AGRI-BRIEFS
  AGRONOMIC NEWS ITEMS
From Agronomists of the
Potash & Phosphate Institute
655 Engineering Drive, Suite 110
Norcross, Georgia 30092-2837
Phone (770) 447-0335

Spring 1999, No. 8

NUTRIENT MANAGEMENT FOR HIGH YIELD PEANUTS

The peanut plant, like cotton, has its roots in southern soils. Both crops can reward the grower with high yields of quality products when all practices are attended to in the right manner and on time. Both of these crops tend to "stay at home" for initial processing. At this point, however, the similarities fade. Cotton is a perennial plant managed as an annual. It is very responsive to applied fertilizer nutrients such as nitrogen, phosphorus and potassium and develops in a somewhat predictable sequence of growth stages. The peanut is an annual legume with a life span of about five months. It has a unique fruiting habit that requires vast amounts of calcium from a moist surface soil as "pegs" extend down, enter the soil and initiate the formation of peanut seed pods.

Research results evaluating nutrient needs of new high yield peanut varieties such as Georgia Green are in short supply. Thus, basic knowledge from older studies plus recent production experience offers suggestions for fertilizing peanuts with (1) residual fertility or (2) direct fertilization or (3) a combination of both. The goal in all cases is to avoid plant development problems and to insure that plant nutrition does not limit yield, quality, profitability, and long-term productivity of peanuts.

• Peanuts, in general, yield well when grown after a well fertilized grass crop such as corn. Why? The reasons might include a break in the nematode cycle, moisture/nutrition benefits from the large amounts of root/shoot residues breaking down in the soil, and/or the carry-over benefits of nutrients unused by the grass crop.

• Soils should be tested for pH, phosphorus, potassium, magnesium, and other nutrients before planting the crop ahead of peanuts and again before planting peanuts. Why? First to establish lime and nutrient needs for both the grass and peanuts. The second testing determines if soil acidity was properly corrected and if the residual fertility levels were achieved by applying peanut fertility to the previous crop.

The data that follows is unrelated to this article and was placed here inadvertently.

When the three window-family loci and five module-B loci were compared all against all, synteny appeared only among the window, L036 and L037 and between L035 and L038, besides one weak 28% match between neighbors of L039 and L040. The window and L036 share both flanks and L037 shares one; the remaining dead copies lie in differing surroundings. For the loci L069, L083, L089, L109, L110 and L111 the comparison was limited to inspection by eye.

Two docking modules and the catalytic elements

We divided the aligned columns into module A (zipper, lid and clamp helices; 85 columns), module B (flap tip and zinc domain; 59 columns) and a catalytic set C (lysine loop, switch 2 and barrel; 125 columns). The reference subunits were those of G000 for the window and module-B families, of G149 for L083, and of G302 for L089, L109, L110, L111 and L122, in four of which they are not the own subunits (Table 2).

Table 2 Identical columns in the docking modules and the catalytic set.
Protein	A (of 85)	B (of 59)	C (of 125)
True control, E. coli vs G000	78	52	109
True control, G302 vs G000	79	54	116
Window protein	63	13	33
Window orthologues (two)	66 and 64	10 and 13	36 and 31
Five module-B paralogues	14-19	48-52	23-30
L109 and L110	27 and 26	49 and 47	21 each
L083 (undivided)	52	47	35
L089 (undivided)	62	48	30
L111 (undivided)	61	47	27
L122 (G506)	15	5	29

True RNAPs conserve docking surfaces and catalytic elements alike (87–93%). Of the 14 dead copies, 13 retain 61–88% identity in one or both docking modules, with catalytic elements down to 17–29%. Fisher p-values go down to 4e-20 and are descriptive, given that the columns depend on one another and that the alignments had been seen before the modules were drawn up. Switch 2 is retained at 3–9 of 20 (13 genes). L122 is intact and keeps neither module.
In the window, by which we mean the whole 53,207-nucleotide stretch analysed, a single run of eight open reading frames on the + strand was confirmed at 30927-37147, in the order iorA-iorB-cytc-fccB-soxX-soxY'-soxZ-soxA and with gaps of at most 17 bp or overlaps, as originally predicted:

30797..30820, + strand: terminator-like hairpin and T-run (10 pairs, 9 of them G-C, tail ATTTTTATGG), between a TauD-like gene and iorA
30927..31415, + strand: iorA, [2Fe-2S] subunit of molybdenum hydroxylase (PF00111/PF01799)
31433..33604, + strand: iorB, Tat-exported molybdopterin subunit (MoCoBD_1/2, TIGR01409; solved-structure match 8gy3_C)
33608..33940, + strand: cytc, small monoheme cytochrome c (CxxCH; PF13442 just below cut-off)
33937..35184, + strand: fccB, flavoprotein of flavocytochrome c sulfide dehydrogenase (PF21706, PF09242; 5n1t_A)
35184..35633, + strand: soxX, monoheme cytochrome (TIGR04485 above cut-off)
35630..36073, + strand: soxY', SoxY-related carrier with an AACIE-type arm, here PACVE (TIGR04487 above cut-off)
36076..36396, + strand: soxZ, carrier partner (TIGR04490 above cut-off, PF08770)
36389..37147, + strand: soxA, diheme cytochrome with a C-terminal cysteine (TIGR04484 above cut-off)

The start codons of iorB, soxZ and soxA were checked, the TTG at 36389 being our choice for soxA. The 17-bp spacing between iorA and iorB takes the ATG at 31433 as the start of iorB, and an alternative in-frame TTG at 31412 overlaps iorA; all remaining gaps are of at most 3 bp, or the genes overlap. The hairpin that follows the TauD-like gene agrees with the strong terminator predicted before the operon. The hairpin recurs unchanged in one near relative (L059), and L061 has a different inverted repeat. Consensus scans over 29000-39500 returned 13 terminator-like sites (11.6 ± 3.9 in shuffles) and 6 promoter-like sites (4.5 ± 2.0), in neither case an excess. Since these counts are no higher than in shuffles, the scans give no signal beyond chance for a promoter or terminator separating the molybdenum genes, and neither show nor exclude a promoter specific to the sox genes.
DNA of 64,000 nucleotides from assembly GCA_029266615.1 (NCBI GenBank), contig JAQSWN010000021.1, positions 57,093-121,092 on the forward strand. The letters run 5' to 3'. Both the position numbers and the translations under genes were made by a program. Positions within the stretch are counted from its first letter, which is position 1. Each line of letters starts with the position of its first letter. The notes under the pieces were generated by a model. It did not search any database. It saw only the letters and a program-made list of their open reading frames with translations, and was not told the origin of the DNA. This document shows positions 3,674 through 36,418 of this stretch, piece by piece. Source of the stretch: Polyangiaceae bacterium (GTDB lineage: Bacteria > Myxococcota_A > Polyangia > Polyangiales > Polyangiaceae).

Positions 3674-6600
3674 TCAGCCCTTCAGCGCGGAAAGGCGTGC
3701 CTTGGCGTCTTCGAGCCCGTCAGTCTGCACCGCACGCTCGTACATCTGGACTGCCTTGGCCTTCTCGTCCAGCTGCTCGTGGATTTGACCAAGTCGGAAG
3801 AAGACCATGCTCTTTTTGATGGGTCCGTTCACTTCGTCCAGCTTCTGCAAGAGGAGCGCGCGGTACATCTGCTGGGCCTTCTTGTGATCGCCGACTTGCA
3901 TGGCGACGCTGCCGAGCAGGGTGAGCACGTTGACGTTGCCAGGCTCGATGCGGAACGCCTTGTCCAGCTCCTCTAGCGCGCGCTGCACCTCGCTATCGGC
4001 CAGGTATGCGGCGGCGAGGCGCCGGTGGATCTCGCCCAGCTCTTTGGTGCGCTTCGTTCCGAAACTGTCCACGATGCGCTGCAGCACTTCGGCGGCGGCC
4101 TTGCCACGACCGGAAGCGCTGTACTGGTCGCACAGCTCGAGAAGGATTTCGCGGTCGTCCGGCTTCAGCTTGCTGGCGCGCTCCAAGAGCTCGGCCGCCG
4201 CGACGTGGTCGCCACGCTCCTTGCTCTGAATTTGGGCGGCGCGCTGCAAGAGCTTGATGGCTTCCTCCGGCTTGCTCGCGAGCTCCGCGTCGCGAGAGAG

• Effectiveness and efficiency of peanut use of fertilizer phosphate and potash will likely be lower when applied to the previous grass crop. Why? Phosphate moves very little even in sandy soils and tends to chemically react with iron and aluminum in acidic soils. Potash rates high enough for two crops will increase the likelihood that some will leach from the sandy soils.

• The economic aspects of crop production are always a vital issue. Why? Fertilizer applied to a previous crop but destined for peanuts must be paid from the proceeds of that previous crop. However, this can be beneficial when moisture/production conditions exceed expectations. Extra production from tapping the "peanut fertilizer" can significantly improve profitability and still provide the needed residuals.

• Direct fertilization and liming of peanut soils is more challenging to the development of a peanut plant. Why? Lime should be incorporated at least three months before seeding to react with the soil and reduce soil acidity. Phosphate promotes root development and can go on with potash broadcast and incorporated into the soil or with some nitrogen as a starter nitrogen-phosphorus fertilizer in a band at least two inches to the side and below the seed. Placement of potash in the pegging zone (top 3 inches of soil) should be avoided as it can interfere with the movement of calcium and water into the pegs during this critical period of pod development. For medium/low testing soils, insure that fertilizer is placed outside the pegging zone.

• In depth research on nutrient management for high yielding peanuts is vital. Why? New knowledge is essential if the benefits from GPS/GIS technology and genetic potential of new varieties are to be realized. Environmental and economic considerations encourage site-specific nutrient management for each and all crops. Programmed fertilization to supply nutrient needs by growth stage is vital to lowering the unit cost of production and remaining globally competitive.


—NRU—

For more information, contact Dr. Noble R. Usherwood, Southeast Director, PPI, 233 Kenilworth Circle, Stone Mountain, GA 30083. Phone: (404) 294-0137. E-mail: usherwood@ppi-far.org.
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